Some journalists have theorized that Silkwood's car was rammed from behind by another vehicle, with the intent to cause an accident that would result in her death. Skid marks from Silkwood's car were present on the road, suggesting that she was trying to get back onto the road after being pushed from behind.
Investigators also noted damage on the rear of Silkwood's vehicle that, according to Silkwood's friends and family, had not been present before the accident. As the crash was entirely a front-end collision, it did not explain the damage to the rear of her vehicle. A microscopic examination of the rear of Silkwood's car showed paint chips that could have come only from a rear impact by another vehicle. Silkwood's family claimed to know of no accidents of any kind that Silkwood had had with the car, and that the 1974 Honda Civic she was driving was new when purchased and no insurance claims were filed on that vehicle.
Questions arose over how Silkwood became contaminated over this three-day period. She said the contamination in the bathroom may have occurred when she spilled her urine sample on the morning of November 7. This was consistent with the evidence that samples she took at home had extremely high levels of contamination, while samples taken in "fresh" jars at the plant and at Los Alamos showed much lower contamination.
She thought she had been contaminated at the plant. Kerr-McGee's management said that Silkwood had contaminated herself in order to portray the company in a negative light. According to Richard L. Rashke's book, The Killing of Karen Silkwood (1981/2000), security at the plant was so lax that workers could easily smuggle out finished plutonium pellets. Rashke wrote that the soluble type of plutonium found in Silkwood's body came from a production area which she had not accessed for four months. The pellets had since been stored in the vault of the facility.
Silkwood's relatives, too, confirmed that she had taken the missing documents to the union meeting and placed them on the seat beside her. According to her family, she had received several threatening phone calls very shortly before her death. Speculation about foul play has never been substantiated.
According to the book Who Killed Karen Silkwood, the assassination scene in the movie The China Syndrome, in which the character Hector's car is run off the road, is based on a theorized version of Silkwood's death. In the film, the power plant's agents come up behind Hector's vehicle and ram him, repeatedly, from behind until a device on their front bumper engages his rear bumper and lets them lift the rear end of his vehicle off the road, thereby pushing his car over a cliff. Subsequently, police officers remove the evidence from his vehicle and hand it to the villains because their company's name is on the documents. This could be construed as an attempt by the film's producers to influence the jury in the Silkwood case. According to the book, it was for this reason that the jury was forbidden from seeing that then-new movie while they were hearing the case and deliberating.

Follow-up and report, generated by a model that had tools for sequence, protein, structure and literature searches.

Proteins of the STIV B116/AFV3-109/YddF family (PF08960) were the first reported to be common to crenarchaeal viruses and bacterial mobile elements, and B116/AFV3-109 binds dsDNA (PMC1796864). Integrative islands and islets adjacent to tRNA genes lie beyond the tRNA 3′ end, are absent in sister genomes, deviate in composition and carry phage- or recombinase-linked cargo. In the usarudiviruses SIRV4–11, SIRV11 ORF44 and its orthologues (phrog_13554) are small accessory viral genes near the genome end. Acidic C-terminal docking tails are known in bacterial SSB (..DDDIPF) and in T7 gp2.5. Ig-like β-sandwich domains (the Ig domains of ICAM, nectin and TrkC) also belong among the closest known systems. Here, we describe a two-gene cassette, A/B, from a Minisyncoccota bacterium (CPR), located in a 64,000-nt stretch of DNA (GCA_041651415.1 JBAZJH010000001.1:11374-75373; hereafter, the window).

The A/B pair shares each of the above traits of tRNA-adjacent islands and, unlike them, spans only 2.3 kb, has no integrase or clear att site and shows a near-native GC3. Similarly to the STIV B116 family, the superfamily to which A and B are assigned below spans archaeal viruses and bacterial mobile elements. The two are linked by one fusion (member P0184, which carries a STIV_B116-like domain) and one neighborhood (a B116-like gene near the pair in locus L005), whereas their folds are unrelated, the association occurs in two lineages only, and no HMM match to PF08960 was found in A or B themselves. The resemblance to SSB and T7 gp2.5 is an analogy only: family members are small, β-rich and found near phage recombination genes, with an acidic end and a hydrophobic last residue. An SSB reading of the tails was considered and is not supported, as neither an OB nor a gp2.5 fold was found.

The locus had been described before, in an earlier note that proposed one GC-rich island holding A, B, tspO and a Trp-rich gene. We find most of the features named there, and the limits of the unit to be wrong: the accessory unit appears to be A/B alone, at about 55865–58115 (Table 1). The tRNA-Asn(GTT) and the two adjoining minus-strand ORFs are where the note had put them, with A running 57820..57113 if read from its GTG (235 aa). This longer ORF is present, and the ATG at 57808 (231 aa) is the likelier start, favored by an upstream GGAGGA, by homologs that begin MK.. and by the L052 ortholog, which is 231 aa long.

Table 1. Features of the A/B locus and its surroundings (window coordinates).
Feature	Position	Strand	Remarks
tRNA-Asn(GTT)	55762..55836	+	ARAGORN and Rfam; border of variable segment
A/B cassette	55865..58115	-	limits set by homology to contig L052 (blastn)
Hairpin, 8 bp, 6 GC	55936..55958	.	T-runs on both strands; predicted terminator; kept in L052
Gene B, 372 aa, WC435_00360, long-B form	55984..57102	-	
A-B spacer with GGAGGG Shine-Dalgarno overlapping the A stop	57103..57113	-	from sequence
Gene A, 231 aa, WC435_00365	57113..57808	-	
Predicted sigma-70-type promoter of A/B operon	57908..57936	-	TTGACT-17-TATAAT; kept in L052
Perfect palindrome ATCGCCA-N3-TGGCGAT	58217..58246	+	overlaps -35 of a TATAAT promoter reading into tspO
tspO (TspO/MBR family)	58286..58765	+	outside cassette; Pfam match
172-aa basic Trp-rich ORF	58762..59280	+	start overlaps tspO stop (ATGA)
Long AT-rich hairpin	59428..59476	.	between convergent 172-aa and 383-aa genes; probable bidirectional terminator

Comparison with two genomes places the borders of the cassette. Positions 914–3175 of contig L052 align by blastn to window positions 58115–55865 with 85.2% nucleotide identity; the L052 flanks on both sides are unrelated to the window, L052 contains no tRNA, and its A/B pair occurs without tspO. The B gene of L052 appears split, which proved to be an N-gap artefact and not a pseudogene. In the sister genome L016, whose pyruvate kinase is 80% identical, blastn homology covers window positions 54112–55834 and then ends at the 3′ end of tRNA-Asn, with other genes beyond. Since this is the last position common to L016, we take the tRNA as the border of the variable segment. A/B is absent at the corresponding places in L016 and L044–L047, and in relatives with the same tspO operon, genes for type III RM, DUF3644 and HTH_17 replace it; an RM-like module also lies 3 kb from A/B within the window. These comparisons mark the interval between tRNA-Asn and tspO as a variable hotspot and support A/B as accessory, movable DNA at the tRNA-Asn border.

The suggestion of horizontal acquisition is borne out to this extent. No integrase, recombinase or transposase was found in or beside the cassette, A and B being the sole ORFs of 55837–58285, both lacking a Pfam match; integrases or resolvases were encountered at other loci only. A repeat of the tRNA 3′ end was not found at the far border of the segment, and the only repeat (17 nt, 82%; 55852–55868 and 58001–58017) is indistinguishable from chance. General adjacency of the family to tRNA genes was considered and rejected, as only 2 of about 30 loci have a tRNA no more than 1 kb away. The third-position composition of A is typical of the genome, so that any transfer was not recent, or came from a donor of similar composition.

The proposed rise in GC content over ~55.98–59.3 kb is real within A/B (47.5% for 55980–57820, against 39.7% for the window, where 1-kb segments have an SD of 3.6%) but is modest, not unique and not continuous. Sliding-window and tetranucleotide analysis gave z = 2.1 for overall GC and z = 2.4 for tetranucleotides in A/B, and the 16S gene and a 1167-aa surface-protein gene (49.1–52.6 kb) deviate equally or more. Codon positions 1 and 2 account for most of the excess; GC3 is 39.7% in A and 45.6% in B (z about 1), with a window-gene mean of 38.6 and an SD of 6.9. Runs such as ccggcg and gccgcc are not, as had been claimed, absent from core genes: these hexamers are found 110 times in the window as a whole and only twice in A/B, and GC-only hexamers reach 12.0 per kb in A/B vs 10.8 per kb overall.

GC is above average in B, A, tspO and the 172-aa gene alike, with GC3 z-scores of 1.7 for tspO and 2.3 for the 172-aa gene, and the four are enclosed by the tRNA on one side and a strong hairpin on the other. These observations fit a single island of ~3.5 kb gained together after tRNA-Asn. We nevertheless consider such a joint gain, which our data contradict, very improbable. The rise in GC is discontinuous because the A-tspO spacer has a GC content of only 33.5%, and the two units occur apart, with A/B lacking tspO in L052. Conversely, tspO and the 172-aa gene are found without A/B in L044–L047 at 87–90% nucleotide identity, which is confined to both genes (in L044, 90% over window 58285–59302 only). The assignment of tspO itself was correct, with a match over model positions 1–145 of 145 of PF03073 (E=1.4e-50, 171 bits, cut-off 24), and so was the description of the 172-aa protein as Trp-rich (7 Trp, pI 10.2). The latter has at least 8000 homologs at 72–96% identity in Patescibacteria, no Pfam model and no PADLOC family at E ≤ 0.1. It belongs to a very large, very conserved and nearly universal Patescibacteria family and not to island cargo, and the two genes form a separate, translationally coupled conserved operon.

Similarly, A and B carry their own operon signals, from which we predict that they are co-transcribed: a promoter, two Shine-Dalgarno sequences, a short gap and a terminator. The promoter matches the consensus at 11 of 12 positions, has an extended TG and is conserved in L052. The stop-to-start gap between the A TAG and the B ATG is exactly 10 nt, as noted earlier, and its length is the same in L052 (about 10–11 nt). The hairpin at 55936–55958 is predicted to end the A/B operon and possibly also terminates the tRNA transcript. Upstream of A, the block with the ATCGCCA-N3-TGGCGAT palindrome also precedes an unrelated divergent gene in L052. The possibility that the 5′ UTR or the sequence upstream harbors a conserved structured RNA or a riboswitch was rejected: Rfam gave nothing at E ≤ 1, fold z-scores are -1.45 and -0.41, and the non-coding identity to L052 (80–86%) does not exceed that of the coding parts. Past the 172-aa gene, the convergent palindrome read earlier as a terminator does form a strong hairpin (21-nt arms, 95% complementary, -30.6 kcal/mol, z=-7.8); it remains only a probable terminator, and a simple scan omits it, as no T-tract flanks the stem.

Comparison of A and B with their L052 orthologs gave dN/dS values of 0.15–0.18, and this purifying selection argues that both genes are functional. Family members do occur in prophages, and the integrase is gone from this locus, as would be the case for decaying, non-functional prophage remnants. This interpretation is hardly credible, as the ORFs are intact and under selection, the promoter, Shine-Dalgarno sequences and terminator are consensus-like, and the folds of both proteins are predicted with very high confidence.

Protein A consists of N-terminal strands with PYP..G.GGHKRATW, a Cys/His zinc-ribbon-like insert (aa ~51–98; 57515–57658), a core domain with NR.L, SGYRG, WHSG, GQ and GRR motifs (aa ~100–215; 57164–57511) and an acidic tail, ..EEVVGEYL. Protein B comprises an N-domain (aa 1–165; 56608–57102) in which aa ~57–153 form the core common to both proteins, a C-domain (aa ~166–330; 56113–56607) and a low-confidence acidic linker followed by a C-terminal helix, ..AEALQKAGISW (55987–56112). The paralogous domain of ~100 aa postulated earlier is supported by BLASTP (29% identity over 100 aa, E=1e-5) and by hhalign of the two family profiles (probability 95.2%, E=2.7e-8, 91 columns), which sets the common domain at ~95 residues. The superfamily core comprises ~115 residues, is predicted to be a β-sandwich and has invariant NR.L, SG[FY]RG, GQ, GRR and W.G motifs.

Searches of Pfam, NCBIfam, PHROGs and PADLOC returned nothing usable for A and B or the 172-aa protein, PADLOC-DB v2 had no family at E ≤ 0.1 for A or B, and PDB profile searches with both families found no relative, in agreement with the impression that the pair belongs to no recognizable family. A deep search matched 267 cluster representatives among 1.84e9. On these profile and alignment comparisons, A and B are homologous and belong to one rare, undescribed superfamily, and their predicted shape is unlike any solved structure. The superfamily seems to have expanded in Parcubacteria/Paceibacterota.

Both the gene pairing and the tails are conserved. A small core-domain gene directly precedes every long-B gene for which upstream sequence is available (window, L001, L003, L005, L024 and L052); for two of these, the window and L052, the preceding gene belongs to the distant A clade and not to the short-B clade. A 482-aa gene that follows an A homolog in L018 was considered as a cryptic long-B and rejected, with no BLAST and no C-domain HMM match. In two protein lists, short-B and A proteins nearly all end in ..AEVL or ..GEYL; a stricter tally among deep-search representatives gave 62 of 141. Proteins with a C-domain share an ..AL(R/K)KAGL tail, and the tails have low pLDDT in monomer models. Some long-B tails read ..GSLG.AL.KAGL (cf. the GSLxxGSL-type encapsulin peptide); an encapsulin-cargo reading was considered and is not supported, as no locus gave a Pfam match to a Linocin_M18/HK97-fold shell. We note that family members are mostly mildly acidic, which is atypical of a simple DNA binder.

Because of concerns about contamination, the Atomic Energy Commission and the State Medical Examiner requested analysis of Silkwood's organs by the Los Alamos Tissue Analysis Program. Much of the radioactive contamination was in her lungs, suggesting that plutonium had been inhaled. When her tissues were further examined, the highest deposits were found in the contents of her gastrointestinal tract, demonstrating that she had ingested plutonium.
Public suspicions led to a federal investigation into plant security and safety. National Public Radio reported that this investigation had found that 20 to 30 kilograms (44–66 lb) of plutonium had been misplaced at the plant.
Kerr-McGee closed its nuclear-fuel plants in 1975. The Department of Energy (DOE) reported the Cimarron plant as decontaminated and decommissioned in 1994.
PBS Frontline produced the program, Nuclear Reaction, which included aspects of the Silkwood story. Its website for the program includes "The Karen Silkwood Story", as printed in 1995 in Los Alamos Science. The PBS program covered the risks of nuclear energy and raised questions about corporate accountability and responsibility.
Silkwood's father Bill and her children filed a lawsuit against Kerr-McGee for negligence on behalf of her estate. The trial was held in 1979 and lasted ten months, the longest up to that point in Oklahoma history. Gerry Spence was the chief attorney for the estate; other key attorneys were Daniel Sheehan, Arthur Angel, and James Ikard; William Paul was the chief attorney for Kerr-McGee. The estate presented evidence that the autopsy proved Silkwood was contaminated with plutonium at her death. To prove that the contamination was sustained at the plant, evidence was given by a series of witnesses who were former employees of the facility.
The defense relied on the expert witness Dr. George Voelz, a top-level scientist at Los Alamos. Voelz said that he believed the contamination in Silkwood's body was within legal standards. The defense later proposed that Silkwood was a troublemaker, who might have poisoned herself. Following the summation arguments, Judge Frank Theis told the jury, "If you find that the damage to the person or property of Karen Silkwood resulted from the operation of this plant ... defendant Kerr-McGee Nuclear Corporation is liable...."